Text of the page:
Monday, 3 June 2013


The Yamaha Ténéré – just perfect for riding around the world!

A few years ago I was fortunate enough to have a sabbatical approved at work, and decided that I would ride around the world: yep; just like that!

My relationship with the Yamaha Ténéré began in 2008 when we met in a Yamaha showroom in Sheffield. My existing bike – an almost-new Yamaha Fazer – waited nervously in the carpark as I went inside. If I was really going to head off around the world I needed more of a utility vehicle. Transportation sorted, I left Preston, Lancashire and headed for the EuroTunnel.

The two bikes are completely different to ride, as those who ride will know, but a pleasant surprise was the Ténéré’s height. Fully loaded, a little altitude is lost (couple of centimetres, maybe) but when riding in Indonesian cities, for example, I found that the bike’s height gave essential additional visibility, enabling me to see above and beyond the heavy traffic and dense packs of scooter riders which clogged the roads.

And there’s one in every city: a Yamaha dealer, that is. Okay, maybe that’s a bit of an exaggeration, but when I did experience any issues with the bike, or needed scheduled maintenance, it’s fair to say that a Yamaha dealer was never far away. I left the UK with a parts list detailing order codes, and was pretty confident that I could get what I needed along the way. I visited official Yamaha dealers in Italy, Russia, Australia, Argentina, Mexico and the USA: some for a standard service; others for general wear and tear as a result of the journey. This may give the impression that I had problems with the bike, but the truth is that the Ténéré made the world ride seem easy, and more often than not out-performed its rider, getting me out of trouble on more than one occasion.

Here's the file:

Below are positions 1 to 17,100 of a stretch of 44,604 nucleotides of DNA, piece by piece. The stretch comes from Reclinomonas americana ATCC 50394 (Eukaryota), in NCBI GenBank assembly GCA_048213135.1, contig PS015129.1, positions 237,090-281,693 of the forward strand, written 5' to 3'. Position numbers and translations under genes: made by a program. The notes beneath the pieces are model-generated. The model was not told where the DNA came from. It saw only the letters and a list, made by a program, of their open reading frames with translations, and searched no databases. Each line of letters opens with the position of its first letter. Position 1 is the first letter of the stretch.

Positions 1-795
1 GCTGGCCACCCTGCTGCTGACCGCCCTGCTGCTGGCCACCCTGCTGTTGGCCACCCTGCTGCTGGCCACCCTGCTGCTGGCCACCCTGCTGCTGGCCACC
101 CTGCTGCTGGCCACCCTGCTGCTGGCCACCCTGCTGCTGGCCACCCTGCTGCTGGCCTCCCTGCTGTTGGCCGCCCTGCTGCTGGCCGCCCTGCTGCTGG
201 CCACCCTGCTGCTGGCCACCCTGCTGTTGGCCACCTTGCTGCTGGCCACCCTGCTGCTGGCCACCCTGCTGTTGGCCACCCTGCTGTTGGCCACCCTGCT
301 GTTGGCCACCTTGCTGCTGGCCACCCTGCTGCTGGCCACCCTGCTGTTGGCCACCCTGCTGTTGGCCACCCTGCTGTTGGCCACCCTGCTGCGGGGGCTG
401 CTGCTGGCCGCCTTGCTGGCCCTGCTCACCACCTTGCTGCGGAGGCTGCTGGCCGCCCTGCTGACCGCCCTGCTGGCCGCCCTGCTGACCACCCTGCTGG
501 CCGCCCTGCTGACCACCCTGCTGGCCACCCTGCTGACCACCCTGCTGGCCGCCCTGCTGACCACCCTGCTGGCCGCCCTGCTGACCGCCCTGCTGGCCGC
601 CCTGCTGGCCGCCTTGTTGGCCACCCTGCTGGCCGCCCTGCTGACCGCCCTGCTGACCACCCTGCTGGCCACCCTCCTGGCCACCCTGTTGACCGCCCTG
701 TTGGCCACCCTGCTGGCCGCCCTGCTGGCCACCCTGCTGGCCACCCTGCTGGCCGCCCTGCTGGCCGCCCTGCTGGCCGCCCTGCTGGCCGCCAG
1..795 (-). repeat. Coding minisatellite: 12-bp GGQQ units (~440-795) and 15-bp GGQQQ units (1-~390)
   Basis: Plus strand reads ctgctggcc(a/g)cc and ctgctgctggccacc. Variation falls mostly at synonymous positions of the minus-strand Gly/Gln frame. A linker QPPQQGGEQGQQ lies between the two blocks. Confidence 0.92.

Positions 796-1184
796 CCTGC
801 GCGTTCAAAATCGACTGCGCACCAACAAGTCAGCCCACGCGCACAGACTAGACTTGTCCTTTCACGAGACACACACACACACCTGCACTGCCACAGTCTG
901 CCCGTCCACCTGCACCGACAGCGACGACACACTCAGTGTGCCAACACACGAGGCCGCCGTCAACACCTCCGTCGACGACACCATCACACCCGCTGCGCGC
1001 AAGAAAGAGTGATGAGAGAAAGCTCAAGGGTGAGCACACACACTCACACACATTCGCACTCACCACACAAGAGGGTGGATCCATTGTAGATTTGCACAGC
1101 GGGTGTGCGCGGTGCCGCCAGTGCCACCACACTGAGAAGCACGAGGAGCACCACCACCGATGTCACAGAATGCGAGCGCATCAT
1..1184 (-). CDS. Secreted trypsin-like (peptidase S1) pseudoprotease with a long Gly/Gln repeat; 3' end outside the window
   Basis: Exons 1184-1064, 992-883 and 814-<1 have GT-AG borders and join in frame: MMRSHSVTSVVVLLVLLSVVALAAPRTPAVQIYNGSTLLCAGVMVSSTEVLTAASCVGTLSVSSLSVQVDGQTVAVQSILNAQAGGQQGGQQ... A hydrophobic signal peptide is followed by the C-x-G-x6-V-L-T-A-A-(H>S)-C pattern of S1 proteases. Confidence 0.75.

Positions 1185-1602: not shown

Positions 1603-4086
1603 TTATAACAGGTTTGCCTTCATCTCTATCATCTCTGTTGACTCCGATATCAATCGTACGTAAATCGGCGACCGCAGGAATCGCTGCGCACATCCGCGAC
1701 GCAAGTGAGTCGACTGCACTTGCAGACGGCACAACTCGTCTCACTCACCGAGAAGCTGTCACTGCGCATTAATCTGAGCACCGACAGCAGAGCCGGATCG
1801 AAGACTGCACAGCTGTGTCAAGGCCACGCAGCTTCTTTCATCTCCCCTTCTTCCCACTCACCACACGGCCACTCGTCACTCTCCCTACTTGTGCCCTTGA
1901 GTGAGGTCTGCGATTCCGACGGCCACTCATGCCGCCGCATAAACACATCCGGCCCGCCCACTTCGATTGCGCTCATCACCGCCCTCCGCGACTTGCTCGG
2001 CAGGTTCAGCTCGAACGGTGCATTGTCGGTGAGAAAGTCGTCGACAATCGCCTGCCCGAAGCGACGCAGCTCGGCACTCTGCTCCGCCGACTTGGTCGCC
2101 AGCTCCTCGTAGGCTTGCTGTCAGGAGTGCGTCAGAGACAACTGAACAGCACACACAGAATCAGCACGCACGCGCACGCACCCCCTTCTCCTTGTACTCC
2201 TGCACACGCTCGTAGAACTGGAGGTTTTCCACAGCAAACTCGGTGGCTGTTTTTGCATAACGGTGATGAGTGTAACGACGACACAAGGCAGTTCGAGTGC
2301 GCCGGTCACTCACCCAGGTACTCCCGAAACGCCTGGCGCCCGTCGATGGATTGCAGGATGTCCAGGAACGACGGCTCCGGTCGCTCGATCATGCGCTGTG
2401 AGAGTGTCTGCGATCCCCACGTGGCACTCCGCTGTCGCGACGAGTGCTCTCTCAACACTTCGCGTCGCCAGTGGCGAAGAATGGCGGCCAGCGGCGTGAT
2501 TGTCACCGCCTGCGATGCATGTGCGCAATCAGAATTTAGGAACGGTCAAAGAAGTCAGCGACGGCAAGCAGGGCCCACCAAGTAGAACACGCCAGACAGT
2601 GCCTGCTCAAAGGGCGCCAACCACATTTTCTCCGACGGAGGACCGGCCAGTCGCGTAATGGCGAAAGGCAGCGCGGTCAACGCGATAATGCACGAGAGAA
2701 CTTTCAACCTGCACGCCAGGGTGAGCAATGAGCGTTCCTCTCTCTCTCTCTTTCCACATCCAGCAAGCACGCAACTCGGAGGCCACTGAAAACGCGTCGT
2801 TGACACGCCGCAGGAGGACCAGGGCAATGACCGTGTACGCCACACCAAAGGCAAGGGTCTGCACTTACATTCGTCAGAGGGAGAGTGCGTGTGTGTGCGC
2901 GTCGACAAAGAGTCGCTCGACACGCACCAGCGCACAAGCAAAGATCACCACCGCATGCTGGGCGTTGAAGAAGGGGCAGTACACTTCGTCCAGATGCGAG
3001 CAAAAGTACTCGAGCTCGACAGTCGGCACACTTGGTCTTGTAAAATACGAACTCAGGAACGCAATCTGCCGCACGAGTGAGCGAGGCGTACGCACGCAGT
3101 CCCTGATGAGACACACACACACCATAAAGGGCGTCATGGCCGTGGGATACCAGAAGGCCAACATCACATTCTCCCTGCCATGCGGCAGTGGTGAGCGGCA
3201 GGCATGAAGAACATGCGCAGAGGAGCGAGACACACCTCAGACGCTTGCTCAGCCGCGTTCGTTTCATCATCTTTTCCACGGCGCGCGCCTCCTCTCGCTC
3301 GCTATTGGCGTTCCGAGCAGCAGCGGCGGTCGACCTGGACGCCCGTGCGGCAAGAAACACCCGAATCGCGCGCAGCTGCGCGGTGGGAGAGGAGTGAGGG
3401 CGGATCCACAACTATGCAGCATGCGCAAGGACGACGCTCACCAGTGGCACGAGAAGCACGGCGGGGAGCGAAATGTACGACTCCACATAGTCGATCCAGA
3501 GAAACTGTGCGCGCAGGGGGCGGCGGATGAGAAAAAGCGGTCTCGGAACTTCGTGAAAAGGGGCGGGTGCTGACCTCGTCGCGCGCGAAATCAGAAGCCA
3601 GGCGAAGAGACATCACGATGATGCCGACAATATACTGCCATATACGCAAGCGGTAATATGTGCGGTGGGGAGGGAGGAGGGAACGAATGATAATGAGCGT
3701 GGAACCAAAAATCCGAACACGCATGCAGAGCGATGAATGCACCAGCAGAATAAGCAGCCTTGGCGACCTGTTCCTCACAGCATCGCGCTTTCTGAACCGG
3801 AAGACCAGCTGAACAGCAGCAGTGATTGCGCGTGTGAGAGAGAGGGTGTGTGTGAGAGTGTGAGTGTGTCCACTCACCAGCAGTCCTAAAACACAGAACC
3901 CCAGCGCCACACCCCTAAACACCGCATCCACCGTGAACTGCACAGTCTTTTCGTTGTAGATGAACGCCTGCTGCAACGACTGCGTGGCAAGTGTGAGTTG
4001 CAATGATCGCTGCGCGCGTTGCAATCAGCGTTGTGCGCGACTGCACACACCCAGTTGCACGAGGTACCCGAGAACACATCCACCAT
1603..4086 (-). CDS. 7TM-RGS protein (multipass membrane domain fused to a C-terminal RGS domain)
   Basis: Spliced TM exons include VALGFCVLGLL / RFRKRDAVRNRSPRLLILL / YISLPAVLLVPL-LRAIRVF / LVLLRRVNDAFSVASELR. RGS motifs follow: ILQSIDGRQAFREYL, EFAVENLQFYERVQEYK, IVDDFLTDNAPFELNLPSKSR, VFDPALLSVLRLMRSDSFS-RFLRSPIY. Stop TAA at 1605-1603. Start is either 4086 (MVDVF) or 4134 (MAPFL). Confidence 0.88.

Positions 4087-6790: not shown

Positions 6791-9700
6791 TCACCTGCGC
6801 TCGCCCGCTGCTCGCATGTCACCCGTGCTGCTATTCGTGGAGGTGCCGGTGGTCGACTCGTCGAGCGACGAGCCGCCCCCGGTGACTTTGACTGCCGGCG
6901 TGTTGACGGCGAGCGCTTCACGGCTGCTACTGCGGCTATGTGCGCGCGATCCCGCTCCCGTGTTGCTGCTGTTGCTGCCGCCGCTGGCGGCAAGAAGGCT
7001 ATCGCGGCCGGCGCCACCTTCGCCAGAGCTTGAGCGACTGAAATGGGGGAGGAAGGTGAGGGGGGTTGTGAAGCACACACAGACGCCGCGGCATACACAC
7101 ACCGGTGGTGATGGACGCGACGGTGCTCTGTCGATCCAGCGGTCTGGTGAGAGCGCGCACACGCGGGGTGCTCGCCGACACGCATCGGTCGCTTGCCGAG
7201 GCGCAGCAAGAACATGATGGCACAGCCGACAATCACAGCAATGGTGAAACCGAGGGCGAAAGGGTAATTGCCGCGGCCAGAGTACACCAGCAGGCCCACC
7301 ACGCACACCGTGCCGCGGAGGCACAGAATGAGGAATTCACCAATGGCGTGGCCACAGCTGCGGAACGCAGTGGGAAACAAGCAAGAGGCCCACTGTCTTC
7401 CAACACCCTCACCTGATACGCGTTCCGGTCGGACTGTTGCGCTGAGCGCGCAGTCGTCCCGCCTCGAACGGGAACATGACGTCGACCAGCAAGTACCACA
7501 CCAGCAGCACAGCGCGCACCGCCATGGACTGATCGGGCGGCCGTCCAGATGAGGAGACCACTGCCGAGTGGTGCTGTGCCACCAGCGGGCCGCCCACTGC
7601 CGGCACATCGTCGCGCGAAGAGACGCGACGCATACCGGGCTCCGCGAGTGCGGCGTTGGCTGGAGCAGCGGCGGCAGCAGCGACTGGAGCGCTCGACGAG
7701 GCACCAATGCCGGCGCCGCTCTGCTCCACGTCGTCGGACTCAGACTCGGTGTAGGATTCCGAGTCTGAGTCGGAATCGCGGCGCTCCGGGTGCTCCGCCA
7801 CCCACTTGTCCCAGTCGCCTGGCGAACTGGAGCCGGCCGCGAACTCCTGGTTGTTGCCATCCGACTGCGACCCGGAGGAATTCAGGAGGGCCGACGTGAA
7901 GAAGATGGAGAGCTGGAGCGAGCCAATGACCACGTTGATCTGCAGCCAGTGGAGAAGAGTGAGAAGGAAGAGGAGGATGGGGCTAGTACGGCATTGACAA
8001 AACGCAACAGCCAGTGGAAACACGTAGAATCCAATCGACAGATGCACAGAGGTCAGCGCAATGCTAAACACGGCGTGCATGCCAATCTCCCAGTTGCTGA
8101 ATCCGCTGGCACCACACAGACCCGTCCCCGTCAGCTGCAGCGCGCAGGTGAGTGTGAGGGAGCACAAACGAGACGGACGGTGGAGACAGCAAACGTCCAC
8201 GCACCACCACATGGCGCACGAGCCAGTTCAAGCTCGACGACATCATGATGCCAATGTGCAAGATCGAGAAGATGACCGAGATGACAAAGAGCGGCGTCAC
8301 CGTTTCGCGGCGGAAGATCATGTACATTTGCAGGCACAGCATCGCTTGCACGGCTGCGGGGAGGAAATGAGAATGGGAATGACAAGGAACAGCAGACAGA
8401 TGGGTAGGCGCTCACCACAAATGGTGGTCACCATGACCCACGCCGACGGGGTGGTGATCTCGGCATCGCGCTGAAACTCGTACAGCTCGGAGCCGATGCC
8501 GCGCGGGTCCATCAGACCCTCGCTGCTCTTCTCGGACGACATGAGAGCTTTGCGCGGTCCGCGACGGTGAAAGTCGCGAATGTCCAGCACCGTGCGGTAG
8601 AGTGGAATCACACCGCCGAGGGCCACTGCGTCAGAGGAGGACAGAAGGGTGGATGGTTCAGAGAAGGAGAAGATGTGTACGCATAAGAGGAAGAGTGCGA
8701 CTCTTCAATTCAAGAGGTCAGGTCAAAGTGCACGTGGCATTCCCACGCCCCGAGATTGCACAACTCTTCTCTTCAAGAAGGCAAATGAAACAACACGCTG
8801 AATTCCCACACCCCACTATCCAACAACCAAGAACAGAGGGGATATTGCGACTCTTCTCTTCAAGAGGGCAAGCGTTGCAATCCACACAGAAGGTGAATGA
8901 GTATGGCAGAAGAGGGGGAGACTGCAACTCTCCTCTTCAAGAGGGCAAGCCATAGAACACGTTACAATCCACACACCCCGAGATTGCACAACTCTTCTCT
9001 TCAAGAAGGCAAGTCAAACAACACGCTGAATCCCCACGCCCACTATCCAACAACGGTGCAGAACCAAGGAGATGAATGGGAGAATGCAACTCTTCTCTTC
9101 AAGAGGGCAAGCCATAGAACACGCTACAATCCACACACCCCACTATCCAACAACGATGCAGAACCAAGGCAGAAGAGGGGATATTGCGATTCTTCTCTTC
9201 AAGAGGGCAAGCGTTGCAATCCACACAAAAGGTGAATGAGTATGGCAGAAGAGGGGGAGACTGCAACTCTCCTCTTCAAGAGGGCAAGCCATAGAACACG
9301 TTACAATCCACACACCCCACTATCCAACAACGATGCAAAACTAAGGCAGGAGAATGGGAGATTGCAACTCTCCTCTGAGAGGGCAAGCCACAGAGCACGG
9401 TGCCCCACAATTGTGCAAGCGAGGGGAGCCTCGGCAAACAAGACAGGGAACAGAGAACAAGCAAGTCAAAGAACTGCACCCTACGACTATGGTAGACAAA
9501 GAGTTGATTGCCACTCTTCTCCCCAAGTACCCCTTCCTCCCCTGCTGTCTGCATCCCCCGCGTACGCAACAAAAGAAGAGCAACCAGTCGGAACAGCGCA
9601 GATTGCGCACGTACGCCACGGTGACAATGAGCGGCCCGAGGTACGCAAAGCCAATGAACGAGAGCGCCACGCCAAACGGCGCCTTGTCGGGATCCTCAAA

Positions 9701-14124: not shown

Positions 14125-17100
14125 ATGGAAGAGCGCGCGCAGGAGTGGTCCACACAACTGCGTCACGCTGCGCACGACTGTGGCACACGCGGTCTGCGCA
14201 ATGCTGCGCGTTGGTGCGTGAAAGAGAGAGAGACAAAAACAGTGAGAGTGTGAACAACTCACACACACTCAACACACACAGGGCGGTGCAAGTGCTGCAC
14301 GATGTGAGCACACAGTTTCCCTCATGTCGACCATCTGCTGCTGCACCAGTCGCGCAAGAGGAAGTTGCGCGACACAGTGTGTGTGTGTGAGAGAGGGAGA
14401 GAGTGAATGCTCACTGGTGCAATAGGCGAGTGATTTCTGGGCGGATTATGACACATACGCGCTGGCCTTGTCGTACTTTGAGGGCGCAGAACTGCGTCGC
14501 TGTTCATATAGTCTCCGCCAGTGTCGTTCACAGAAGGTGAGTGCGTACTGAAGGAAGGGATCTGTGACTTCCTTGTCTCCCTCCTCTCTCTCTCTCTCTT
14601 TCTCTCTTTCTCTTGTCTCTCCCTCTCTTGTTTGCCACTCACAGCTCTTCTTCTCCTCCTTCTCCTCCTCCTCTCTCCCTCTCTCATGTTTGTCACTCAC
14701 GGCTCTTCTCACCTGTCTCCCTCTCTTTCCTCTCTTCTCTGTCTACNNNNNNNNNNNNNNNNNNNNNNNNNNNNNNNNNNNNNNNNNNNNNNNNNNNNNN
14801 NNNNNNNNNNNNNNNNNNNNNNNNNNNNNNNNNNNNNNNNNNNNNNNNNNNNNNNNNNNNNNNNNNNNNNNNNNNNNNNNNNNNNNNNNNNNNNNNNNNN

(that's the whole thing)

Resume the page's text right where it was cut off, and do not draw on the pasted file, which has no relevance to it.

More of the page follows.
Our round-the-world adventure lasted for a year, and we covered 42,000 miles; crossed 6 continents; visited 35 countries; did 9 oil changes and got through 3 sets of tyres (one set of tyres got us from the UK to Darwin, Australia!). The bike was ridden daily and seemed to improve as it ate up the miles: this is some machine, I can tell you, which really will get you anywhere you want.

Precisely fifty-two weeks after we started out in August 2009, I was bumbling back up the M1 after completing a 42,000-mile lap of the globe. Over a few cups of tea with friends, we flicked through the photos, notes and videos, and the content of a book came together.

The Real Way Round is my personal pictorial diary of a once-in-a-lifetime motorcycle trip across 35 countries on a Yamaha Ténéré XT660, and a practical guide to motorcycling round the world: what to do first. what to plan for, and how to cope with the unexpected. It also includes details of bike modifications, route maps, points of interest, and practical guidance on freighting your bike. The scenery and experiences along the way ranged from fantastic to frightening, and I wouldn’t have missed a moment of any of it. Nearly 700 stunning, inspirational photos of the places, people and events of our wonderful world will make you want to get out there and experience them for yourself.

My best tip for a trip like this? Get off the bike and meet the locals; this is the true secret to making a journey like this a success. Solo riders (and even couples) are generally warmly welcomed: enjoy the ride, the people and the places of the world. So, what are you waiting for ...?
Jonathan Yates

PS A true Trojan, the Ténéré is still going strong after clocking up 56,000 miles. In April 2013 I did a tour to Morocco, three years after returning from the global trip, and the bike was still as punchy as ever. What a star!

Coming soon from Veloce!
The Real Way Round - 1 year, 1 motorcycle, 1 man, 6 continents, 35 countries, 42,000 miles, 9 oil changes, 3 sets of tyres, and loads more ... by Jonathan Yates.

This book captures one man’s real experience motorcycling around the globe – no back up teams, no spare bikes, no film crews. 42,000 miles through 35 countries, seeing amazing things, meeting fascinating people, experiencing different cultures and coping with extremely challenging conditions.
This book is not only proof anyone can do it, but also a guide as to how to do it. It is not a technical guide, but rather a broad-brush approach covering some of the key tasks needed to plan and complete a similar trip yourself. With dozens of inspirational photos of stunning scenery and intense experiences, plus an informal, straightforward commentary, this is an eye-opening and practical account of biking around the world. More info.